By Steve Cuozzo and Lois Weis | New York Post
Spotify’s mushrooming work force will soon be streaming to Larry Silverstein’s Four World Trade Center, Gov. Andrew Cuomo announced Wednesday afternoon — and the deal is even bigger than it sounds.
The world’s leading music-streaming company signed a mega-lease for 378,000 square feet on floors 62-72 of the 2.3 million square-foot skyscraper. But it also includes an expansion option on floors 59-61, which, if exercised would bring the 72-story tower to 100 percent occupancy.
Spotify boasts 40 million paying subscribers worldwide. It will add 1,000 new jobs to the 800 it already has in the city, Cuomo said, when it moves next year from 620 Sixth Ave. at 18th Street. The firm had outgrown 160,000 square feet there.
The landmark deal further solidifies downtown’s stature as the go-to neighborhood for media, creative and tech firms — as Conde Nast, Group M and Media Math have each moved to the World Trade Center and Time Inc. has moved to Brookfield Place.
The Post first reported Spotify’s WTC talks on Nov. 18. Downtown sources said the asking rent was in the $80s per square foot.
Cuomo credited the Empire State Development Corporation with “providing a state subsidy to make the transaction financially viable.” The agency will spot Spotify up to $11 million in World Trade Center rent credits over the 15 years of the s lease.
What Cuomo didn’t mention, sources said, is that the credits were harvested from a shrunken deal at the Port Authority and Durst Organization’s 1 World Trade Center — where Beijing-based China Center scaled back a nearly 200,000 square-foot lease to just 35,000 feet in 2015.
“The state had to be creative in transferring the credits,” our source said.
Lease negotiations were led for Silverstein by his firm’s Jeremy Moss, with a CBRE team that included Mary Ann Tighe, Stephen B. Siegel, Ken Meyerson, Evan Haskell, Adam Foster, Steve Eynon, Robert Hill and David Caperna. Spotify was repped by JLL’s Peter (“Big Rig”) Riguardi, Ken Siegel, Alexander Chudnoff and James Wenk.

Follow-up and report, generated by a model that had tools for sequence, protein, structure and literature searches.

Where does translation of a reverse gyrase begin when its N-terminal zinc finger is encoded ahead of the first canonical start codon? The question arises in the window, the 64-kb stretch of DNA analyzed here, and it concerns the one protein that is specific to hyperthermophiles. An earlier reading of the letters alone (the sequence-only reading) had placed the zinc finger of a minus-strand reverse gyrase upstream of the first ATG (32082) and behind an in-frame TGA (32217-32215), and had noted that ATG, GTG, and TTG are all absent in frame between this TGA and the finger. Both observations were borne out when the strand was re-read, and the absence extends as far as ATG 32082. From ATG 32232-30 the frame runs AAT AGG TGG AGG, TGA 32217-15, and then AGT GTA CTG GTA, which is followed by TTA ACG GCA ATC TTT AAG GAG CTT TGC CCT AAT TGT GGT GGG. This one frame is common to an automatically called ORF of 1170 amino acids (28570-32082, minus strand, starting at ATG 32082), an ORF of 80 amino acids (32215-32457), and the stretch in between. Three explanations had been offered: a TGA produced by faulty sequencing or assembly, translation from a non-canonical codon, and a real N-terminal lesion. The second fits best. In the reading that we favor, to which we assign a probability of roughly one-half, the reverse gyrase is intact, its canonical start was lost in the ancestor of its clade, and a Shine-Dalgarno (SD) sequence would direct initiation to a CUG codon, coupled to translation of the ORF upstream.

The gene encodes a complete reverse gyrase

Tighe said, “We did this deal with JLL in 120 days, record time for a lease of this size, because Spotify was growing and hiring at such a rate, they needed immediate occupancy.”
Spotify’s New York workforce includes teams for software engineering and products, label and artist relations, original content-creation, as well as for marketing, legal, sales and finance.
Silverstein’s World Trade Center development president, Janno Lieber, said the site appealed to Spotify’s mostly young employees, many of whom live downtown or in nearby Brooklyn or New Jersey — an easy subway, PATH or ferry commute. “It was a huge factor in their decision,” Lieber said.
He added that Spotify was so eager to get to work, some 300 employees have already begun using the tower’s “Silver Suites” executive workspace on the 29th floor as a beachhead.
The company, founded in Stockholm and led by CEO Daniel Ek, was valued at $8 billion last summer. It was expected to go public this year, but recent reports suggested the IPO might be postponed until 2018 to give Spotify more time to firm up its balance sheet.
A source said that Silverstein — one of the hardest-nosed developers around — “took a very long, hard look at Spotify’s financials, a real deep dive.” It persuaded him that the company would have no trouble meeting its lease obligations.